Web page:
“The late, great I Roy will forever be remembered for his phenomenal work for producers like Gussie Clarke, Lee Perry and Bunny Lee. Or his association with the Channel One studio. Or his famous feuds with Prince Jazzbo, which were recorded and released in a series of very entertaining records. Or maybe even for the tragic end of his life: when I Roy left this world he was suffering from ill health, was homeless and had just found out his son was killed in prison. Being the legend he was, all material recorded by the man is definitely worth checking out, but in all fairness: his greatest work was captured by other producers and he won’t be remembered for his output for Joe Gibbs. I Roy didn’t record much for Joe to begin with, a few good tunes here and there and an album produced by Bunny Lee in 1979 (which is pretty good, Johnny Clarke sings the melody parts) and that’s it. That said, this recording from 1975 is quite a gem. I Roy sounds upbeat and seems well at home riding the awkward stepping riddim, which updates the Meditations’ ‘Woman is like a shadow.’ Laughing, growling and toasting his way through the track, this makes for one of the finer obscure I Roy records out there. It’s one of those overlooked recordings that turn out a catch when you find it and makes you wonder why it isn’t featured on more compilations out there. In the case of I Roy the answer to that question might be because his back-catalogue of hits is just too large and this isn’t one of them. Don’t let that bother you, though. It makes it all the more worthwhile to track this 7 inch down. …”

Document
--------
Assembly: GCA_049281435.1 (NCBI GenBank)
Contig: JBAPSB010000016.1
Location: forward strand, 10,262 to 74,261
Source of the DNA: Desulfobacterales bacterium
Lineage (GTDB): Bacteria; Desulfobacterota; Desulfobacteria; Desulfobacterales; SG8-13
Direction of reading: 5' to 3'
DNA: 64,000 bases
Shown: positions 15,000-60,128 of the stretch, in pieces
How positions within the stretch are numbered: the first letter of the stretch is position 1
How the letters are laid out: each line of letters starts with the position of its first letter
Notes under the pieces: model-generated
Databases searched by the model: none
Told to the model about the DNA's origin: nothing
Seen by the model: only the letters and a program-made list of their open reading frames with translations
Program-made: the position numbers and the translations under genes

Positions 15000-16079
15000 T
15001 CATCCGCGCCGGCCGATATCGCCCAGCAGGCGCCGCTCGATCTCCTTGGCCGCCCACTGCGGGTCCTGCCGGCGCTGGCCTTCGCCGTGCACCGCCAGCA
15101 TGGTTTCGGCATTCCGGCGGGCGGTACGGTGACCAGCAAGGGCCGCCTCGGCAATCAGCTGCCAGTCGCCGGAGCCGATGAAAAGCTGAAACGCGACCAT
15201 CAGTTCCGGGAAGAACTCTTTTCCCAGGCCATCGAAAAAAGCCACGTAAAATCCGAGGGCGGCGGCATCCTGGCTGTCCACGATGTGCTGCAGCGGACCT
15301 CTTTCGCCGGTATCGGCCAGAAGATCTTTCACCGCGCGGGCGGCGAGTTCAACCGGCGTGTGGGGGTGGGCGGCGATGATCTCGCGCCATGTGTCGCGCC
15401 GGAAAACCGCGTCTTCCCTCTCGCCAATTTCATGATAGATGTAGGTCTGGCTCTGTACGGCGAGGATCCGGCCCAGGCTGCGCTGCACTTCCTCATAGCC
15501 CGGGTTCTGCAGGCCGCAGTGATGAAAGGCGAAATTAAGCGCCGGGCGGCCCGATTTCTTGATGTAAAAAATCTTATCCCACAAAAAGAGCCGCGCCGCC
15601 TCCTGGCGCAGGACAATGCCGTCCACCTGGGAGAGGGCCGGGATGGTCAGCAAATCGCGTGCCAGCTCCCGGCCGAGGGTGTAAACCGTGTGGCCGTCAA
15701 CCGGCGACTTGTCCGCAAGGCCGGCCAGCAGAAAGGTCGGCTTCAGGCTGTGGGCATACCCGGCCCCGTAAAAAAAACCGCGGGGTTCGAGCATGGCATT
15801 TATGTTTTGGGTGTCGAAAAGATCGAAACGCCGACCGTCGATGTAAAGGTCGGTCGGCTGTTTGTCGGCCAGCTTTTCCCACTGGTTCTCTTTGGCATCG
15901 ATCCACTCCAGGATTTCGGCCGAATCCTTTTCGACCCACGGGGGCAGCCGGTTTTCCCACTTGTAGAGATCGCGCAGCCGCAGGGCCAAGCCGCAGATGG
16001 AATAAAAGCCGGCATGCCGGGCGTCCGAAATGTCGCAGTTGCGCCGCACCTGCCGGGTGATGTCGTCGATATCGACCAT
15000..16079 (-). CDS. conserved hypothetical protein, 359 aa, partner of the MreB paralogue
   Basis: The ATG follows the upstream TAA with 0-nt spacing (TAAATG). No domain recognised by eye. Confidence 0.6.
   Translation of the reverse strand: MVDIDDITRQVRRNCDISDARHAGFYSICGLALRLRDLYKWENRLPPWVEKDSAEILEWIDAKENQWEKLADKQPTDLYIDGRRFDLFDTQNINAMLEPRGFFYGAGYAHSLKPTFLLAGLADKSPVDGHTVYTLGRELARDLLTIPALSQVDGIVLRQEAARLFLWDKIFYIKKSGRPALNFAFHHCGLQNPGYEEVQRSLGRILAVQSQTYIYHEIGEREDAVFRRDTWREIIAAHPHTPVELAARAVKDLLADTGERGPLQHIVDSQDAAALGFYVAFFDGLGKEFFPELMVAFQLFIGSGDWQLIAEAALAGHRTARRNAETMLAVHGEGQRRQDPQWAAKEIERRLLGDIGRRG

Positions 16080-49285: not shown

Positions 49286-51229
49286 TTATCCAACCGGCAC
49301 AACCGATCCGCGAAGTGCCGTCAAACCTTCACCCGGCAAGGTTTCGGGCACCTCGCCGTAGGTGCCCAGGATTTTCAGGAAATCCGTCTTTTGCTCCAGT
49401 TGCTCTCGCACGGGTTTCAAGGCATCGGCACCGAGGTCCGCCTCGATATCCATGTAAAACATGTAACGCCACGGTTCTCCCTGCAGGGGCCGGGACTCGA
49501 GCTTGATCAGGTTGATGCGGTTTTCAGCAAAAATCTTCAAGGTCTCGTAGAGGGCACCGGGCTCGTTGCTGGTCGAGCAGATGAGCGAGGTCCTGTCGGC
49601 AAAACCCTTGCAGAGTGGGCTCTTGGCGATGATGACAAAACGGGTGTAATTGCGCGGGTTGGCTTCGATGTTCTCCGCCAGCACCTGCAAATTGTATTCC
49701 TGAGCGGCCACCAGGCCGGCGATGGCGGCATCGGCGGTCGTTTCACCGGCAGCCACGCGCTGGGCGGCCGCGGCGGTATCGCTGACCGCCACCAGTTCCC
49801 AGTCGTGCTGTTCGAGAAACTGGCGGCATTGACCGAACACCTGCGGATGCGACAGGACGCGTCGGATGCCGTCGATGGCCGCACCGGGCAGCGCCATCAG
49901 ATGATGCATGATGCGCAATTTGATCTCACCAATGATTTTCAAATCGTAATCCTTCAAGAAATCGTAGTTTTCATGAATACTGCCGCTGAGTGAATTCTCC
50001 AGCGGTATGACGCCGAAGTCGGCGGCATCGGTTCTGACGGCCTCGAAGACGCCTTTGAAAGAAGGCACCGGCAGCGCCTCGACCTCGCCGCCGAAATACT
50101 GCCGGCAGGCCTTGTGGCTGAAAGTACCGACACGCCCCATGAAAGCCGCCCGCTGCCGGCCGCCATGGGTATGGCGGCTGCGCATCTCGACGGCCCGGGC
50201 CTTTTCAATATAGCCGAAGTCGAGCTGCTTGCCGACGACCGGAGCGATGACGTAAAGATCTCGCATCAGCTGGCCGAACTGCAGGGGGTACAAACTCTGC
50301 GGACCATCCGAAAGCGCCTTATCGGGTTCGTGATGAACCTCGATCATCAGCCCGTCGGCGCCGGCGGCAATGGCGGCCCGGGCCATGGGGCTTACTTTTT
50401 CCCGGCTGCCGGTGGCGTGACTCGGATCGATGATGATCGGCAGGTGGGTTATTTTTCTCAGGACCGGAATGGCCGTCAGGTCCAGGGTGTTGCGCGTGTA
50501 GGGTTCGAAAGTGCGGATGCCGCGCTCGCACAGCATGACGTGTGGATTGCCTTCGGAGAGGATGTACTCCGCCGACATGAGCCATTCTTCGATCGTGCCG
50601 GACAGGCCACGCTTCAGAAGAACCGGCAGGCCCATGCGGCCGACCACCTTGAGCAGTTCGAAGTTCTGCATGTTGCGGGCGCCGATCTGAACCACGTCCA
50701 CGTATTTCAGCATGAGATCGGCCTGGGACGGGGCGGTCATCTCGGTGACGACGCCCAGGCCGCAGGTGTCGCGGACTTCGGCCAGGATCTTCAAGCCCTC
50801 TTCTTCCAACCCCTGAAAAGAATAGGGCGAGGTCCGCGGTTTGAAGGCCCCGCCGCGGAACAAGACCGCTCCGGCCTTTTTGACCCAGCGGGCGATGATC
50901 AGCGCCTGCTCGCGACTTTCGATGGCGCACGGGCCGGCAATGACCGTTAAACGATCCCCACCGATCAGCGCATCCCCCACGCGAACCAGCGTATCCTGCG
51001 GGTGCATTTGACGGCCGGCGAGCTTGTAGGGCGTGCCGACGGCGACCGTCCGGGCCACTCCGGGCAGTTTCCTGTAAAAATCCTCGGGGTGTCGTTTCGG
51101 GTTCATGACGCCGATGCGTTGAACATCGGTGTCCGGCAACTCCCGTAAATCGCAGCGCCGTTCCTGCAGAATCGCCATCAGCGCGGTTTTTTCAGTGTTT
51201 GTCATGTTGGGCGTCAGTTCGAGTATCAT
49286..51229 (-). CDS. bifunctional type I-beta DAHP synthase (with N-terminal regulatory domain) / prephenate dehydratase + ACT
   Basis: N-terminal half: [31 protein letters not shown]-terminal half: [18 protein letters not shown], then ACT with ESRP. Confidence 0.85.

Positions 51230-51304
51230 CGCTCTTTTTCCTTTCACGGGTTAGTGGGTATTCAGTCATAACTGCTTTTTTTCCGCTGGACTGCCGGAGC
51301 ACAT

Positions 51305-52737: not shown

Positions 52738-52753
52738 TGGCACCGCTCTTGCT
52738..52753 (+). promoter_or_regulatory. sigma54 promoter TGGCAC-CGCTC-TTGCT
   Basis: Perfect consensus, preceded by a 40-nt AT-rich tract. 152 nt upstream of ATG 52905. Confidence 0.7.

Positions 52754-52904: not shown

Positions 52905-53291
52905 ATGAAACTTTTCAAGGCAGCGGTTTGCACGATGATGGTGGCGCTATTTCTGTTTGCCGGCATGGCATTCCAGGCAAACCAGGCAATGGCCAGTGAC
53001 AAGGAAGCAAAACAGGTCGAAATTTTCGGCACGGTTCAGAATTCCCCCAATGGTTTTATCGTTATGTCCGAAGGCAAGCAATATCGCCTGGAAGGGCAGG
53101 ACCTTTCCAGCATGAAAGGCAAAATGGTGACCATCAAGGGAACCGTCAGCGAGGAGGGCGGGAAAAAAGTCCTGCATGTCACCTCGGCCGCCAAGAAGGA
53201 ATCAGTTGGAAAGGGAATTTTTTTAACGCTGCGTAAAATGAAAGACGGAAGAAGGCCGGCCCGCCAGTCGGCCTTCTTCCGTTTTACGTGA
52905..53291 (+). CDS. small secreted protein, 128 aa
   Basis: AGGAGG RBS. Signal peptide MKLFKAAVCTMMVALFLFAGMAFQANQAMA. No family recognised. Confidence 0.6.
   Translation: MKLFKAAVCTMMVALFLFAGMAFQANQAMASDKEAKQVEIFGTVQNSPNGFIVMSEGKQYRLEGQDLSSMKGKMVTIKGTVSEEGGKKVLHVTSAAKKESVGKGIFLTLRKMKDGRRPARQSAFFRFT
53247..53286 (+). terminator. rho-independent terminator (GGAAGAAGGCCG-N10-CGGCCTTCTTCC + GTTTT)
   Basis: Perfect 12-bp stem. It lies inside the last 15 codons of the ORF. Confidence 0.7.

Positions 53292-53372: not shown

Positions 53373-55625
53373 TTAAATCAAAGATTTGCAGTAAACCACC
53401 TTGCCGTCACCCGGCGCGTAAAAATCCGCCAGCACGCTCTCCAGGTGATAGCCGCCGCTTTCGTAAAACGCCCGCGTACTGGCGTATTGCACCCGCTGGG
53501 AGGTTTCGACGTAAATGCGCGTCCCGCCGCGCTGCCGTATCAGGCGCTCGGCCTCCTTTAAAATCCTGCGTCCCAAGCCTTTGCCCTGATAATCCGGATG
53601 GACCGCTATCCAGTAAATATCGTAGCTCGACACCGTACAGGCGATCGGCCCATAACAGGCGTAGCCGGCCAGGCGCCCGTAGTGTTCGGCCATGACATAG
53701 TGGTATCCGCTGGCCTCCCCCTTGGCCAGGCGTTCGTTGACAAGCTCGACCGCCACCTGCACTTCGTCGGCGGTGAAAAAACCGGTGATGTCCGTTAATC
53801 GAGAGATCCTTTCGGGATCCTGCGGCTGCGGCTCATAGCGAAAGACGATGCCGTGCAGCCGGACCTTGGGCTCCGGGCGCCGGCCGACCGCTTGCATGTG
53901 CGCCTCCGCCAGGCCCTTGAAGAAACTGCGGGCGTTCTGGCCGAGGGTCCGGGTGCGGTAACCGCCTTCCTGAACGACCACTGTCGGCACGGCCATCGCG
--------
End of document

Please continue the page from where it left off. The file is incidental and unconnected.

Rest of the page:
Pressure Beat (Audio)